Spring greenery

Now that winter's gone, a hearty diet is definitely no longer the thing. Spring is the time to concentrate on the liver, which you can do by embracing all things fresh and light.

What a hungry liver wants

The emphasis in spring is on light food, cooked quickly (sauteing is a good method). It's no longer the time for meaty stews or anything salty. Instead, you should be avoiding foods such as heavy meat, dairy and eggs, and making sure you don't eat too late in the evening.

It will come as no surprise to learn that what's good for your liver at this time of year is young fresh greens. It will benefit from any early root crops too, such as carrots and beets, which add a little natural sweetness to the diet. Young lettuce and fresh in-season asparagus will also make it happy. Keep meat consumption to a minimum, with only occasional red meat, and it goes without saying that organic is always best, for meat, veg and fruit alike.

An unhappy liver will make its presence felt, whether in unpredictable digestion, burping and heartburn, or in inflammation in the body, particularly the tendons. Changing the direction of your diet in this way in this season will help to nourish your liver and keep it on its best behaviour.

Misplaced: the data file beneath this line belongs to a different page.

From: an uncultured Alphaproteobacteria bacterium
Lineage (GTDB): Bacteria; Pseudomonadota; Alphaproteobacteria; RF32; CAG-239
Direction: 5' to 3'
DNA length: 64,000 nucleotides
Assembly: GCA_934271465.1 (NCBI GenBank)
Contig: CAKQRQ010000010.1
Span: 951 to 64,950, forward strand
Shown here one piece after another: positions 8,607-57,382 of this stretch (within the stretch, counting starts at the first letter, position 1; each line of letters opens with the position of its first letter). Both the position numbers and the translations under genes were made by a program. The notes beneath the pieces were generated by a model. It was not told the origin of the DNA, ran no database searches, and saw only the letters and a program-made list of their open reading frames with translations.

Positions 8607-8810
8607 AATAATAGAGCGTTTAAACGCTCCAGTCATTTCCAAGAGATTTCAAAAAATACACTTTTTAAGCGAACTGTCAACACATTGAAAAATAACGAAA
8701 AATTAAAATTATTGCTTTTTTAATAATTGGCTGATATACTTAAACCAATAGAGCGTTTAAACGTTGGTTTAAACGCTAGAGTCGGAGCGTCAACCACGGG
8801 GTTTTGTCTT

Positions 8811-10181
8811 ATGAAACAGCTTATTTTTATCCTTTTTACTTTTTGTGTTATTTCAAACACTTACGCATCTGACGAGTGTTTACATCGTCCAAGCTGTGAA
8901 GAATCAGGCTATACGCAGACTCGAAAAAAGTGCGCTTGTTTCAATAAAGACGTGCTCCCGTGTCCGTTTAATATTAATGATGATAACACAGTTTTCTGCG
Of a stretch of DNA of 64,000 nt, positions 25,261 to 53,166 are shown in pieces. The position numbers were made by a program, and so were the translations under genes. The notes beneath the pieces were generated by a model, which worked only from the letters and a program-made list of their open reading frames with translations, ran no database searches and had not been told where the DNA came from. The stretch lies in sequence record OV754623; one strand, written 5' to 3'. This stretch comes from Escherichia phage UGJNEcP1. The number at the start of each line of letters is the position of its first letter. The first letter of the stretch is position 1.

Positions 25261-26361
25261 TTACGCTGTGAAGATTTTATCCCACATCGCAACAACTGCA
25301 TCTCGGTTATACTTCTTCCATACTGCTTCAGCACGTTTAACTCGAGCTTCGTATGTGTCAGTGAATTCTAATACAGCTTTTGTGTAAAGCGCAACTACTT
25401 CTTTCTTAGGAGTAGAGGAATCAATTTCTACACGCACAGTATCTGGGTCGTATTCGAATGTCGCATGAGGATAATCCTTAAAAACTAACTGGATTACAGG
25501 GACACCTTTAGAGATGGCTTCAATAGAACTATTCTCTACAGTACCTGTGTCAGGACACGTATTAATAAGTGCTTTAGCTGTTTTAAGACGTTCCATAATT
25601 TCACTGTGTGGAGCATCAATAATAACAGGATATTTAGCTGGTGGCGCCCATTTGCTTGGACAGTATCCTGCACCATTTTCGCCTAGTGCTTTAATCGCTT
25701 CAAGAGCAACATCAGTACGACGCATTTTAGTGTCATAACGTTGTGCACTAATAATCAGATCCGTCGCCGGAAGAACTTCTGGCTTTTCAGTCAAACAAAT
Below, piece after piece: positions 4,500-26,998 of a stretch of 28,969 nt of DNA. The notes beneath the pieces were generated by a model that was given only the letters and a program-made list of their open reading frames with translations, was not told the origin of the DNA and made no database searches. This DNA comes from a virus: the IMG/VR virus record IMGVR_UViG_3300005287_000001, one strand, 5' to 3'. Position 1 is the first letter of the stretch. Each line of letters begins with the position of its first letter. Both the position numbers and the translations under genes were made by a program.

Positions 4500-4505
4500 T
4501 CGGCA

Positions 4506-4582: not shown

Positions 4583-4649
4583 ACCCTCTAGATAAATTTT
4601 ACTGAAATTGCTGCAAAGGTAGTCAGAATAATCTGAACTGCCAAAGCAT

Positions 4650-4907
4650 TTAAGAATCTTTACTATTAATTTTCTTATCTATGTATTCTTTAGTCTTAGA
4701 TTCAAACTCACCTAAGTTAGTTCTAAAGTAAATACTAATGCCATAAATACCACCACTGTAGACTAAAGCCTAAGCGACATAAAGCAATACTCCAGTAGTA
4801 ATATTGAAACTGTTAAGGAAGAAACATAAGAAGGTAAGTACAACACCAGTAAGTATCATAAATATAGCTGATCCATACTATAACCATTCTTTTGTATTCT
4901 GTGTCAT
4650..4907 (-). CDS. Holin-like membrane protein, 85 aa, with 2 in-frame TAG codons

Here's a simple recipe for you to try.

Radish sprouts.jpg

Spring noodle soup (serves 4-5)

400g wholemeal noodles, cooked and drained

900ml good organic vegetable stock (preferably homemade)

1 carrot, cut into thin batons

4 spring onions, chopped

280g spring greens, finely cut

70g radish sprouts

a little sea salt to taste


Heat the stock up and add the carrot, onion and a little sea salt.

Simmer for 10 minutes until the vegetables are verging on tender.

Add the spring greens and the radish sprouts and cook until bright-coloured.

Your liver will thank you!

(Recipe from Paul Pitchford's Healing with Whole Foods)

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